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Sir Thomas More: Act II, Scene 5

Sir Thomas More
Act II, Scene 5

Cheapside.

  1. Enter First Sheriff, and meet a Messenger.

First Sheriff

1
  1. Messenger, what news?

Third Messenger

2
  1.                       Is execution yet performed?

First Sheriff

3 - 4
  1. Not yet; the carts stand ready at the stairs,
  2. And they shall presently away to Tibourne.

Third Messenger

5 - 10
  1. Stay, Master Sheriff; it is the council’s pleasure,
  2. For more example in so bad a case,
  3. A gibbet be erected in Cheapside,
  4. Hard by the Standard; whether you must bring
  5. Lincoln and those that were the chief with him,
  6. Enter Officers.
  7. To suffer death, and that immediately.

First Sheriff

11 - 16
  1. It shall be done, sir.
  2. Exit Third Messenger.
  3.                        Officers, be speedy;
  4. Call for a gibbet, see it be erected;
  5. Others make haste to Newgate, bid them bring
  6. The prisoners hither, for they here must die:
  7. Away, I say, and see no time be slacked.

Officers

17
  1. We go, sir.
  1. Exit some severally; others set up the gibbet.

First Sheriff

18 - 27
  1. That’s well said, fellow; now you do your duty.
  2. God for his pity help these troublous times!
  3. The streets stopped up with gazing multitudes:
  4. Command our armed officers with halberds
  5. Make way for entrance of the prisoners;
  6. Let proclamation once again be made.
  7. That every householder, on pain of death,
  8. Keep in his prentices, and every man
  9. Stand with a weapon ready at his door,
  10. As he will answer to the contrary.

First Officer

28
  1. I’ll see it done, sir.
  1. Exit.
  1. Enter another Officer.

First Sheriff

29 - 31
  1. Bring them away to execution:
  2. The writ is come above two hours since:
  3. The city will be fined for this neglect.

Second Officer

32 - 34
  1. There’s such a press and multitude at Newgate,
  2. They cannot bring the carts onto the stairs,
  3. To take the prisoners in.

First Sheriff

35 - 36
  1.                           Then let them come on foot;
  2. We may not dally time with great command.

Second Officer

37 - 41
  1. Some of the bench, sir, think it very fit
  2. That stay be made, and give it out abroad
  3. The execution is deferred till morning,
  4. And, when the streets shall be a little cleared,
  5. To chain them up, and suddenly dispatch it.

First Sheriff

42 - 44
  1. Stay; in meantime me thinks they come along:
  2. See, they are coming. So, ’tis very well:
  3. The prisoners are brought in, well guarded.
  4. Bring Lincoln there the first unto the tree.

Clown

45
  1. I, for I cry lug, sir.

Lincoln

46 - 51
  1. I knew the first, sir, did belong to me:
  2. This the old proverb now complete doth make,
  3. That Lincoln should be hanged for London’s sake.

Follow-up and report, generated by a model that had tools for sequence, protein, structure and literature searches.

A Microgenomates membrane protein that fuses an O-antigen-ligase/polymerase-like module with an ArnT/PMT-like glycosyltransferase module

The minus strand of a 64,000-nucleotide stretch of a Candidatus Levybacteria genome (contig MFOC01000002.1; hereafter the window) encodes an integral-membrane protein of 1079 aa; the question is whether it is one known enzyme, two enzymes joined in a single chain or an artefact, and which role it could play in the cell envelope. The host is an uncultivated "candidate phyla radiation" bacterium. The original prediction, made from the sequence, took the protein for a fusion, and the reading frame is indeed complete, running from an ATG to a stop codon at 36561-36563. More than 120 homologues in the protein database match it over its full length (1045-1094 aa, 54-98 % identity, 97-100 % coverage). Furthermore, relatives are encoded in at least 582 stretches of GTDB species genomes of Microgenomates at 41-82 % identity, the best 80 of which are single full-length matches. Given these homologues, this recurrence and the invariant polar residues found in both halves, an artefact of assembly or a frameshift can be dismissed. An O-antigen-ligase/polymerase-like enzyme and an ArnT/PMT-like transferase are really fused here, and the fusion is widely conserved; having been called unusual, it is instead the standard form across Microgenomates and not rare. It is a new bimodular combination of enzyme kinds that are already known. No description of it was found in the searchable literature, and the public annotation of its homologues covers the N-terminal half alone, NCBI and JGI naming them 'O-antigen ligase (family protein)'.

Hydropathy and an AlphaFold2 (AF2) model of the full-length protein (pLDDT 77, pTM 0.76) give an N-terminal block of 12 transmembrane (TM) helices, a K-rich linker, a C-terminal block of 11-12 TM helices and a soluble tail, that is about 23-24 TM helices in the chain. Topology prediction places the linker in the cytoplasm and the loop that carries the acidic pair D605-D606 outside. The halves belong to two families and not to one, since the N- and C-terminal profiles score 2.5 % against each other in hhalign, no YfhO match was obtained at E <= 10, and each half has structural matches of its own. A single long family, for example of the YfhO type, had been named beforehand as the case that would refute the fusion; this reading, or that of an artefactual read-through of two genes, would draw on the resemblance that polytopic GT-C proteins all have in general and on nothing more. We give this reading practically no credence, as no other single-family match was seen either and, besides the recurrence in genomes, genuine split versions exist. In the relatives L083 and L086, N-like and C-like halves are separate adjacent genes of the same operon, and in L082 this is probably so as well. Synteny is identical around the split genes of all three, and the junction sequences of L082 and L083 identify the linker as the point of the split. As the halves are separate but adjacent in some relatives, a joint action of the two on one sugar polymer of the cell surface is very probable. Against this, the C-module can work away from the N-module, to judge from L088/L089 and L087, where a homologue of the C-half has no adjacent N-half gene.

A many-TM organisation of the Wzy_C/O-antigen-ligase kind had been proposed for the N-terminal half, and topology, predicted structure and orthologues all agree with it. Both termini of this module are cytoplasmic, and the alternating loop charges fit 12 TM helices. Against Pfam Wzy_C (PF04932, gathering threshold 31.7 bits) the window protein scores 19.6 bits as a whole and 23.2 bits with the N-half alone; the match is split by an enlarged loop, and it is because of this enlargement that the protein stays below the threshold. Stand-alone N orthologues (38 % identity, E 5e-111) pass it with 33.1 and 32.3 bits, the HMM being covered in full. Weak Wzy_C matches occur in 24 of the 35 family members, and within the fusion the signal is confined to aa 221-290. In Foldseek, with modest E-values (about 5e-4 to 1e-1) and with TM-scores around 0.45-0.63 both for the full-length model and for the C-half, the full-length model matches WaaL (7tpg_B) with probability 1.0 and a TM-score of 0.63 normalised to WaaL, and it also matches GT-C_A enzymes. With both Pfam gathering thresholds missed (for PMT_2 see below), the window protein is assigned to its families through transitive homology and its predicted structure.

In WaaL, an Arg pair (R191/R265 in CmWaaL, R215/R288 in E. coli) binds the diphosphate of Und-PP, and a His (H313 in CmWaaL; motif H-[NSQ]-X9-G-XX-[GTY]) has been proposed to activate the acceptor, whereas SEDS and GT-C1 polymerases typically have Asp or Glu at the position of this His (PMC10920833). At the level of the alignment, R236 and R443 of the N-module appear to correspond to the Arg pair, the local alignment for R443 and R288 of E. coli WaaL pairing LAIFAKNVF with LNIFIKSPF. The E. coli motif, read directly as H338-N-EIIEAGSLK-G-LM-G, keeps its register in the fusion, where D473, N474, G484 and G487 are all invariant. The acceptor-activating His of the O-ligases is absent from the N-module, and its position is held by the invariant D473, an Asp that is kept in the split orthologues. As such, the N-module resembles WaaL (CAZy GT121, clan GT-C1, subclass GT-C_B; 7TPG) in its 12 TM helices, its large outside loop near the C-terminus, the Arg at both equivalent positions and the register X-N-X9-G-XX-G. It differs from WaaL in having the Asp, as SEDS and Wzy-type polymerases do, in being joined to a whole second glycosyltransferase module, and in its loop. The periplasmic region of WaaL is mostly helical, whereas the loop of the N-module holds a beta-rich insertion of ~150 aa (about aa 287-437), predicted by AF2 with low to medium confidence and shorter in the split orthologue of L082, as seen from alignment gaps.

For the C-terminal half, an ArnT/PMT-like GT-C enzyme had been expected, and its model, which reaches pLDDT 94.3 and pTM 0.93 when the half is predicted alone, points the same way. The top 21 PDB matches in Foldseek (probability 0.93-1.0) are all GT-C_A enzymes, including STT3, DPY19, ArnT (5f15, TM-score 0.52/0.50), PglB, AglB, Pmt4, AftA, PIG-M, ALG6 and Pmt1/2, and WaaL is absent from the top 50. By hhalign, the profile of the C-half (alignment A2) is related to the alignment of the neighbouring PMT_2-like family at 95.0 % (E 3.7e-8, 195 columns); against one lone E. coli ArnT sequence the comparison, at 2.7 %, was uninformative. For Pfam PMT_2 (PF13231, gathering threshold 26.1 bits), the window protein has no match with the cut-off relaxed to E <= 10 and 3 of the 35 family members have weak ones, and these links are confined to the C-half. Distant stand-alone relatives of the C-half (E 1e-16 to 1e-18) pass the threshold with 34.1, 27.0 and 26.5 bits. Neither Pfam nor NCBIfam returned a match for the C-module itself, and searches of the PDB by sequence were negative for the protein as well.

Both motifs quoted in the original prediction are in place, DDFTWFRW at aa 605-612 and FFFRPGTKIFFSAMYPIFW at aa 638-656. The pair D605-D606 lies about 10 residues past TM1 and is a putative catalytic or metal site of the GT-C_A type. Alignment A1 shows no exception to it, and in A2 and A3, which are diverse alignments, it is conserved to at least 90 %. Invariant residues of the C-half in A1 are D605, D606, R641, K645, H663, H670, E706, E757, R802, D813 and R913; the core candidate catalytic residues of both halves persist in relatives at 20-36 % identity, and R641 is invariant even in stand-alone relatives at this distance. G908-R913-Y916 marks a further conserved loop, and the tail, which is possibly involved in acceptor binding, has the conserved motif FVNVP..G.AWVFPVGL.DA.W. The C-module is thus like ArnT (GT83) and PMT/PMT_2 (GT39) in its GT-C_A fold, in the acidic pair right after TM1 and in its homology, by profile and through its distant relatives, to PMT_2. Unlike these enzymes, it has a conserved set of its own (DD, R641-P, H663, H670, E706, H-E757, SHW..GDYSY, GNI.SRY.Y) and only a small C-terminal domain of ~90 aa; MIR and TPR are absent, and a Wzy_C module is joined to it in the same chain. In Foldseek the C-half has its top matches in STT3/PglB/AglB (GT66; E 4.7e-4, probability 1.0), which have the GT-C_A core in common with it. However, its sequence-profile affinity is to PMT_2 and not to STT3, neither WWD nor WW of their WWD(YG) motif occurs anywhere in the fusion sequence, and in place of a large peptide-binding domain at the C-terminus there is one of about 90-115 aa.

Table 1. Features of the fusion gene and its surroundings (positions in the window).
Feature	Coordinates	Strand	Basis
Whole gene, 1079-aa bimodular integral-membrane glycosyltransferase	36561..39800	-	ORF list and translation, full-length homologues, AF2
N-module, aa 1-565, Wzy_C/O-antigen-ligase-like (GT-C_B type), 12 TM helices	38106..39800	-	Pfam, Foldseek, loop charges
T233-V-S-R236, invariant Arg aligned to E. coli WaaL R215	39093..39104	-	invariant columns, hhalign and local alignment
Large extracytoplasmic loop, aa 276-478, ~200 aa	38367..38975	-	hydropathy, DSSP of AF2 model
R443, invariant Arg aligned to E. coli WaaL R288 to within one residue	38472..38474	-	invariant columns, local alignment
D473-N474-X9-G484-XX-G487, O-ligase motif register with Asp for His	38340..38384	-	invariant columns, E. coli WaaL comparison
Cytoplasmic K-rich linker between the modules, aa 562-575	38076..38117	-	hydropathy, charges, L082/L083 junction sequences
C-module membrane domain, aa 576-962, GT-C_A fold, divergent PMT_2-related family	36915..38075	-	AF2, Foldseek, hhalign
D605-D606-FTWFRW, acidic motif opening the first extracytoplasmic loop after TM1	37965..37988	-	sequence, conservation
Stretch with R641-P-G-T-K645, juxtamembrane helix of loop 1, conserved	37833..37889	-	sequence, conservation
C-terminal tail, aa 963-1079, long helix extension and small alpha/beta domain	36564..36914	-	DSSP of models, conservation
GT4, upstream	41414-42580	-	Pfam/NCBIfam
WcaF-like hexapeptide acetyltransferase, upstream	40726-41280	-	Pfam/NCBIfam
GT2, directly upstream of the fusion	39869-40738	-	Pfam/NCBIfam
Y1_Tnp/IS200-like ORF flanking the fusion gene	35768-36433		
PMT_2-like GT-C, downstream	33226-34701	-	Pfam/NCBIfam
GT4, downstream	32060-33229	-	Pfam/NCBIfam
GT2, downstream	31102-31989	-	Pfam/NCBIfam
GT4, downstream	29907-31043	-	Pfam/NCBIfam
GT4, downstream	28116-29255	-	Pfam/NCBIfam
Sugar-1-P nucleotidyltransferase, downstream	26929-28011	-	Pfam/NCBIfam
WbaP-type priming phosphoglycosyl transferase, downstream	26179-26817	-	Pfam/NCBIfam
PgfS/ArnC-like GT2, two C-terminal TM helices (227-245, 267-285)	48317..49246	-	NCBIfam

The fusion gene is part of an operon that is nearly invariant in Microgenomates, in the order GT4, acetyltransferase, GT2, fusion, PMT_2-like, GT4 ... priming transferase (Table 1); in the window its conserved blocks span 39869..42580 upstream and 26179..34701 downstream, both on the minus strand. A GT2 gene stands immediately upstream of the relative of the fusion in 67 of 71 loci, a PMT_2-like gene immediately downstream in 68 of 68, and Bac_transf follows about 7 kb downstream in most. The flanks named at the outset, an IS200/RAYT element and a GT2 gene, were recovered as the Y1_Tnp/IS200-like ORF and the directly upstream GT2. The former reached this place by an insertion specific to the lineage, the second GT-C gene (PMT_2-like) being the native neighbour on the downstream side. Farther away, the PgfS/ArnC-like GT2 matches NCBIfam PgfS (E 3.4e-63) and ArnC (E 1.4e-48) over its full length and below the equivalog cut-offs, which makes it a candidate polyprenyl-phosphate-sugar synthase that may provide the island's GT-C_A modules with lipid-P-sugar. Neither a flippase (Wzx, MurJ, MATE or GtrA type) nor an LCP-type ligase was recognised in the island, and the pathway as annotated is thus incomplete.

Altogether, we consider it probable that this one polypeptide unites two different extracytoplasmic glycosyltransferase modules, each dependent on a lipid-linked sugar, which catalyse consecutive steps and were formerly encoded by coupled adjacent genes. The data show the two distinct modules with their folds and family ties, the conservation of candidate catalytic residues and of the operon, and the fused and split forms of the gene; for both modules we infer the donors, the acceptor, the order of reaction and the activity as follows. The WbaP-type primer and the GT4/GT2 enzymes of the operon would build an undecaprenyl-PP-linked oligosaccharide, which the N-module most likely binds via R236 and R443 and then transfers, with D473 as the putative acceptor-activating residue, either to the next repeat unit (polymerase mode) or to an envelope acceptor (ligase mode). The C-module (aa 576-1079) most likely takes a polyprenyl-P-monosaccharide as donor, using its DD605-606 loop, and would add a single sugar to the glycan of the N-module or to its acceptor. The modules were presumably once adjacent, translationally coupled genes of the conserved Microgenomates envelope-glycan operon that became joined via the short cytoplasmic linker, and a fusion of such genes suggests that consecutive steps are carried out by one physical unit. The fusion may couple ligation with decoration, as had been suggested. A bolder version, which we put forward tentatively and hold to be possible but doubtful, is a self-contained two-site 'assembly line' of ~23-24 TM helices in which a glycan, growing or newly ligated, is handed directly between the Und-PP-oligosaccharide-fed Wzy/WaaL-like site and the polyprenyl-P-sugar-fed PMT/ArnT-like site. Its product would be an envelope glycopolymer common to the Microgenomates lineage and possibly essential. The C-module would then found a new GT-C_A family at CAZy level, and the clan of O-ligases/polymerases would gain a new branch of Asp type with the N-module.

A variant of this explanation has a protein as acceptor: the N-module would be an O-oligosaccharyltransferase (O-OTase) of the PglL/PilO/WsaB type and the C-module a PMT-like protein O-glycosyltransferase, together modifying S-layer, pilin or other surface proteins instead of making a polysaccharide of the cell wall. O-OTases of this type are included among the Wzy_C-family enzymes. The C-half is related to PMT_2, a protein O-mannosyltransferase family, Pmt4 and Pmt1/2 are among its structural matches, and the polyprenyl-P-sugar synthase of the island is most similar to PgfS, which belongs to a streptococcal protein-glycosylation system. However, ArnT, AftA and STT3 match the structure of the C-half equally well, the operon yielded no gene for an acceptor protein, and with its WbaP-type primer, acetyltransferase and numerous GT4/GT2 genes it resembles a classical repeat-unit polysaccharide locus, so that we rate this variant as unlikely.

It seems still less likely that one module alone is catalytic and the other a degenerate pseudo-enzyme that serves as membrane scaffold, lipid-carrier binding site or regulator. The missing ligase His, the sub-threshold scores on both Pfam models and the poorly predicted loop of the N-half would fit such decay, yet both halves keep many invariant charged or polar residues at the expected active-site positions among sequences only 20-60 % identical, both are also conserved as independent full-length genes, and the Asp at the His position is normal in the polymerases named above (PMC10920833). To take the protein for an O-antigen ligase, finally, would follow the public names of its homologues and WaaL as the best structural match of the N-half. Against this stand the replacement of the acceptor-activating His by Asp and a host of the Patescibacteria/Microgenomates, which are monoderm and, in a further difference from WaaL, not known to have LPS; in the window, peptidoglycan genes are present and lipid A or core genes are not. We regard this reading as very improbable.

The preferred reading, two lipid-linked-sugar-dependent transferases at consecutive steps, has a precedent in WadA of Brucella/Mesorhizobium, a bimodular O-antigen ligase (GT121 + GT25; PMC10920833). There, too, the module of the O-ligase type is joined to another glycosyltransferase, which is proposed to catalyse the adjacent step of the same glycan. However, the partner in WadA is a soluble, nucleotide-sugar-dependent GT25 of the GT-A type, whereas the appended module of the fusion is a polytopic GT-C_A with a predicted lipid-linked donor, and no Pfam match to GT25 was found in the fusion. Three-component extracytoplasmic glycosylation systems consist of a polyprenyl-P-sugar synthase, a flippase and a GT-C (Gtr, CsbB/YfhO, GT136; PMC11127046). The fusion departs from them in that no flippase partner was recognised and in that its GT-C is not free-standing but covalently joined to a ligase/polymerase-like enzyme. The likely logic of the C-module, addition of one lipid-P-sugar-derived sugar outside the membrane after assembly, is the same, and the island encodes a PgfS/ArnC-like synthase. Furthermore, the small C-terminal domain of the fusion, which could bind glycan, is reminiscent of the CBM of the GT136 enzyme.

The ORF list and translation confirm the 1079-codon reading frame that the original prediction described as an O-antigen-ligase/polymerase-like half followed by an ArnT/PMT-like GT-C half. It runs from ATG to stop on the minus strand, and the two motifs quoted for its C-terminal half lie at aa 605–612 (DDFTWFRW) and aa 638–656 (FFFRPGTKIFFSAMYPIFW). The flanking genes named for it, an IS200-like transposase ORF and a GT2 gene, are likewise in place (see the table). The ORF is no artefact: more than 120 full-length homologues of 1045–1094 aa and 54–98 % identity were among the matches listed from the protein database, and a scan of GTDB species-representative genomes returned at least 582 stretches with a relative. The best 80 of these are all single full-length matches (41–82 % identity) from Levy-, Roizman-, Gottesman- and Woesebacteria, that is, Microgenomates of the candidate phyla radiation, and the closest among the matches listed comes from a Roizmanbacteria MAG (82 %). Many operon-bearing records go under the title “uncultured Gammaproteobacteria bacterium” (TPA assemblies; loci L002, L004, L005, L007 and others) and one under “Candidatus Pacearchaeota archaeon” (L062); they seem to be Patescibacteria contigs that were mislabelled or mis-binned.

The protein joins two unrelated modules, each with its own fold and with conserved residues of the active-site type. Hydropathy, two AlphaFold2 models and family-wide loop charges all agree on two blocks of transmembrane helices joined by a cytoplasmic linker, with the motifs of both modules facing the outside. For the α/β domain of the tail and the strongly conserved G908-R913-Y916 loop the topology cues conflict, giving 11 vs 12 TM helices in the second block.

4. He goes up.
  5. I’God’s name, let us to work. Fellow, dispatch:
  6. I was the foremost man in this rebellion,
  7. And I the foremost that must die for it.

Doll

52 - 53
  1. Bravely, John Lincoln, let thy death express,
  2. That, as thou liv’dst a man, thou diest no less.

Lincoln

54 - 72
  1. Doll Williamson, thine eyes shall witness it.
  2. Then to all you that come to view mine end
  3. I must confess, I had no ill intent,
  4. But against such as wronged us over much:
  5. And now I can perceive it was not fit
  6. That private men should carve out their redress,
  7. Which way they list; no, learn it now by me,—
  8. Obedience is the best in each degree:
  9. And asking mercy meekly of my king,
  10. I patiently submit me to the law;
  11. But God forgive them that were cause of it!
  12. And, as a Christian, truly from my heart
  13. I likewise crave they would forgive me too
  14. (As freely as I do forgive their wrong)
  15. That others by example of the same
  16. Henceforth be warned to attempt the like
  17. ’Gainst any alien that repaireth hither.
  18. Fare ye well, all. The next time that we meet,
  19. I trust in heaven we shall each other greet.
  1. He leaps off.

Doll

73 - 74
  1. Farewell, John Lincoln. Say all what they can,
  2. Thou liv’dst a good fellow, and diedst an honest man.

Clown

75 - 76
  1. Would I wear so fair on my journey! The first stretch is the
  2. worst, methinks.

First Sheriff

77
  1. Bring Williamson there forward.

Doll

78 - 79
  1. Good Master Sheriff, I have an earnest suit,
  2. And, as you are a man, deny’t me not.

First Sheriff

80 - 81
  1. Woman, what is it? Be it in my power,
  2. Thou shalt obtain it.

Doll

82 - 84
  1. Let me die next, sir; that is all I crave:
  2. You know not what a comfort you shall bring
  3. To my poor heart, to die before my husband.

First Sheriff

85
  1. Bring her to death; she shall have her desire.

Clown

86
  1. Sir, and I have a suit for you too.

First Sheriff

87
  1. What is it?

Clown

88 - 89
  1. That, as you have hanged Lincoln first, and will hang her